Section 1115 Demonstrations
About Section 1115 Demonstrations
Section 1115 of the Social Security Act gives the Secretary of Health and Human Services authority to approve experimental, pilot, or demonstration projects that promote the objectives of the Medicaid and CHIP programs. The purpose of these demonstrations, which give states additional flexibility to design and improve their programs, is to demonstrate and evaluate policy approaches such as:
- Expanding eligibility to individuals who are not otherwise Medicaid or CHIP eligible;
- Providing services not typically covered by Medicaid; or
- Using innovative service delivery systems that improve care, increase efficiency, and reduce costs.
There are general criteria CMS uses to determine whether Medicaid/CHIP program objectives are met. These criteria include whether the demonstration will:
- increase and strengthen overall coverage of low-income individuals in the state;
- increase access to, stabilize, and strengthen providers and provider networks available to serve Medicaid and low-income populations in the state;
- improve health outcomes for Medicaid and other low-income populations in the state; or
- increase the efficiency and quality of care for Medicaid and other low-income populations through initiatives to transform service delivery networks.
Demonstrations must also be "budget neutral" to the Federal government, which means that during the course of the project Federal Medicaid expenditures will not be more than Federal spending without the waiver.
Generally, section 1115 demonstrations are approved for an initial five-year period and can be extended for an additional three years. States commonly request and receive additional 3-year extension approvals. Certain demonstrations that have had at least one full extension cycle without substantial program changes will be eligible for CMS’ “fast track” review process for demonstration extensions. For more information on the fast track federal review process for section 1115 Medicaid and CHIP demonstration extensions, visit the How States Apply page.
In September 2014, the Centers for Medicare & Medicaid Services (CMCS) initiated a national, cross-state evaluation of four types of Medicaid section 1115 demonstrations. See the evaluation design.
In October 2015, CMCS released the first report to Congress, as required by the Affordable Care Act, on actions taken with respect to demonstration projects submitted under section 1115(a) of the Social Security Act. This first report to Congress provides a comprehensive history of federal public notice and comment policies applied to state Medicaid and CHIP demonstration projects and highlights federal transparency actions taken on state applications for 1115 demonstrations through September 2015. See the report to Congress.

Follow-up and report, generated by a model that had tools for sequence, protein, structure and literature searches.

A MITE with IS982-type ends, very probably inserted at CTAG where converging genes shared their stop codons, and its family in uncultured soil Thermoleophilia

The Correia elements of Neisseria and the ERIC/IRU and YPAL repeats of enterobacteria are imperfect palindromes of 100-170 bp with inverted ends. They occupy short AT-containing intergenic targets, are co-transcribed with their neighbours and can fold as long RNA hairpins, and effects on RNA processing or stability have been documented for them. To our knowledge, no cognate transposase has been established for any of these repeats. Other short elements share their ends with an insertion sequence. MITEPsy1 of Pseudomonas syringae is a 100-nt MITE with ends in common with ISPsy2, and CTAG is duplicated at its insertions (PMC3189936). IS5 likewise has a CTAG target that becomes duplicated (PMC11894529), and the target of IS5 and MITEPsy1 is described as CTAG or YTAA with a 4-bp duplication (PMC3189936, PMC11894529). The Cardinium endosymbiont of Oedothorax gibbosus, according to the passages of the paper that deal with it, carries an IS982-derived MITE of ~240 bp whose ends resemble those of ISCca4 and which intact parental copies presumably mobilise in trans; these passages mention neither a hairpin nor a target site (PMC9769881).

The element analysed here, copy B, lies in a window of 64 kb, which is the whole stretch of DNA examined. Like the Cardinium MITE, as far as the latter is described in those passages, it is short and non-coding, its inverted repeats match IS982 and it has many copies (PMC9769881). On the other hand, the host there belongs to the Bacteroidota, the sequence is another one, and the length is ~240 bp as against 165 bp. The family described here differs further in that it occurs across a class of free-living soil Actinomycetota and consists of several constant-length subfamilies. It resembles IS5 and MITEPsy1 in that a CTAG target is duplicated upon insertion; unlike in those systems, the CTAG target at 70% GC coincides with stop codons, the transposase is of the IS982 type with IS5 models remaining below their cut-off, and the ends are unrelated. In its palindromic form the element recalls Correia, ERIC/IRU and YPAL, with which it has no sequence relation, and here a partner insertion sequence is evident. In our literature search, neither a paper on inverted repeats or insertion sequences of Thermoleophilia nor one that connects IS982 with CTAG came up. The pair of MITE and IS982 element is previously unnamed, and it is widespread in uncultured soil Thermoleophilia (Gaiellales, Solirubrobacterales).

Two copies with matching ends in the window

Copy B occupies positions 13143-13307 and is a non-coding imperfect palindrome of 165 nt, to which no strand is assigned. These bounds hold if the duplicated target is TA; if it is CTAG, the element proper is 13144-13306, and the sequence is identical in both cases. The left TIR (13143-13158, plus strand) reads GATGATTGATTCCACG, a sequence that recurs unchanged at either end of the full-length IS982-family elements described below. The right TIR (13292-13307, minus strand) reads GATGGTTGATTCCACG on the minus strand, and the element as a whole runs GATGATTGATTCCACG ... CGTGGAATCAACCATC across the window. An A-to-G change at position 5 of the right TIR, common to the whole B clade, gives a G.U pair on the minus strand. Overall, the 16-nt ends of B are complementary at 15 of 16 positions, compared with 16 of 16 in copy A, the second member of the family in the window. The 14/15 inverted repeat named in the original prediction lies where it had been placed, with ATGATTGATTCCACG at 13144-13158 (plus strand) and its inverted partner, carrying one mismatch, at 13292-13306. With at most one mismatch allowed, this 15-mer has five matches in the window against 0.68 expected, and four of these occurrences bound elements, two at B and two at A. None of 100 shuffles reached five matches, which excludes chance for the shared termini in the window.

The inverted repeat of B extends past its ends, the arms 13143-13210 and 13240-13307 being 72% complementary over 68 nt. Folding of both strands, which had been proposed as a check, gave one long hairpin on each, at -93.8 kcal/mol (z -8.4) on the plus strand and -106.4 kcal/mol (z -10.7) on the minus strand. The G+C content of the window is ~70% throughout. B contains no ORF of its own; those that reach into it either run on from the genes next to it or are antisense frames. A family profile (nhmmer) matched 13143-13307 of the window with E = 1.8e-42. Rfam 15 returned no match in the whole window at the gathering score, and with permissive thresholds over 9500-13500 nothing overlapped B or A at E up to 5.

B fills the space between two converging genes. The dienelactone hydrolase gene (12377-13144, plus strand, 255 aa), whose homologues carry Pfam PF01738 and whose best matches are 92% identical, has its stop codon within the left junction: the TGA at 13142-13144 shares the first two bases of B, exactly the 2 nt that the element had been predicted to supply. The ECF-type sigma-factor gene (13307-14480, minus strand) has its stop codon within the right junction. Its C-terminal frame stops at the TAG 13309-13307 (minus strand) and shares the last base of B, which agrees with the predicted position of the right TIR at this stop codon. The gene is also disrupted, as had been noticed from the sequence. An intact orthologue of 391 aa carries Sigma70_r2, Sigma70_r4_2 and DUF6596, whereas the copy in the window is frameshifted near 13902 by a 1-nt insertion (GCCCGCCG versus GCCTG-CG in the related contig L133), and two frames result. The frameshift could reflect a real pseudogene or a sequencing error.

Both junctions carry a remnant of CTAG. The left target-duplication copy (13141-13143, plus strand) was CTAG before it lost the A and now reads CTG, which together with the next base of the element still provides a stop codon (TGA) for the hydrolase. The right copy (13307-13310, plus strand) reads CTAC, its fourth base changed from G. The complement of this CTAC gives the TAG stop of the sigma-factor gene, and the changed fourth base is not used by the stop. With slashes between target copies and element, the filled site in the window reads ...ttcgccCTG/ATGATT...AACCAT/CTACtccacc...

Note: This website provides policy information and data on demonstration projects in participating States.
If you are looking for health coverage in your State or to learn more about applying for Medicaid, please go to www.healthcare.gov.
The Affordable Care Act requires opportunity for public comment and greater transparency of the section 1115 demonstration projects. A final rule, effective on April 27, 2012, establishes a process for ensuring public input into the development and approval of new section 1115 demonstrations as well as extensions of existing demonstrations. This final rule sets standards for making information about Medicaid and CHIP demonstration applications and approved demonstration projects publicly available at the State and Federal levels. The rule ensures that the public will have an opportunity to provide comments on a demonstration while it is under review at CMS. At the same time, the final rule ensures that the development and review of demonstration applications will proceed in a timely and responsive manner.
There will be a 30-day Federal comment period for the general public and stakeholders to submit comments. CMS will not act on the demonstration request until 15 days, at a minimum, after the conclusion of the public comment period. CMS will continue to accept comments beyond the 30-day period; however, CMS cannot guarantee that comments received after the 30-day comment period will be considered due to the need for timely Federal review of a State's request. Therefore, CMS strongly encourages comments to be submitted within the 30-day Federal comment period.
Once a State’s 30-day public comment period has ended, the State will submit an application to CMS. Within 15 days of receipt of the application, CMS will determine whether the application is complete. CMS will send the State written notice informing the State of receipt of the complete application, the date on which the Secretary received the application, and the start date of the 30-day Federal public notice period. If CMS determines that the application is not complete, CMS will notify the State of any missing elements in the application.
How to Comment on Pending Demonstration Applications
To comment on a specific pending demonstration, browse the waivers list and select a specific demonstration application or search by state or program name. Follow the link to submit your comments. CMS will review and post comments received, but will not respond to each individual comment.
CMS is continuously making efforts to improve the demonstration and public comment processes. Please send us your feedback. Email: 1115DemoRequests@cms.hhs.gov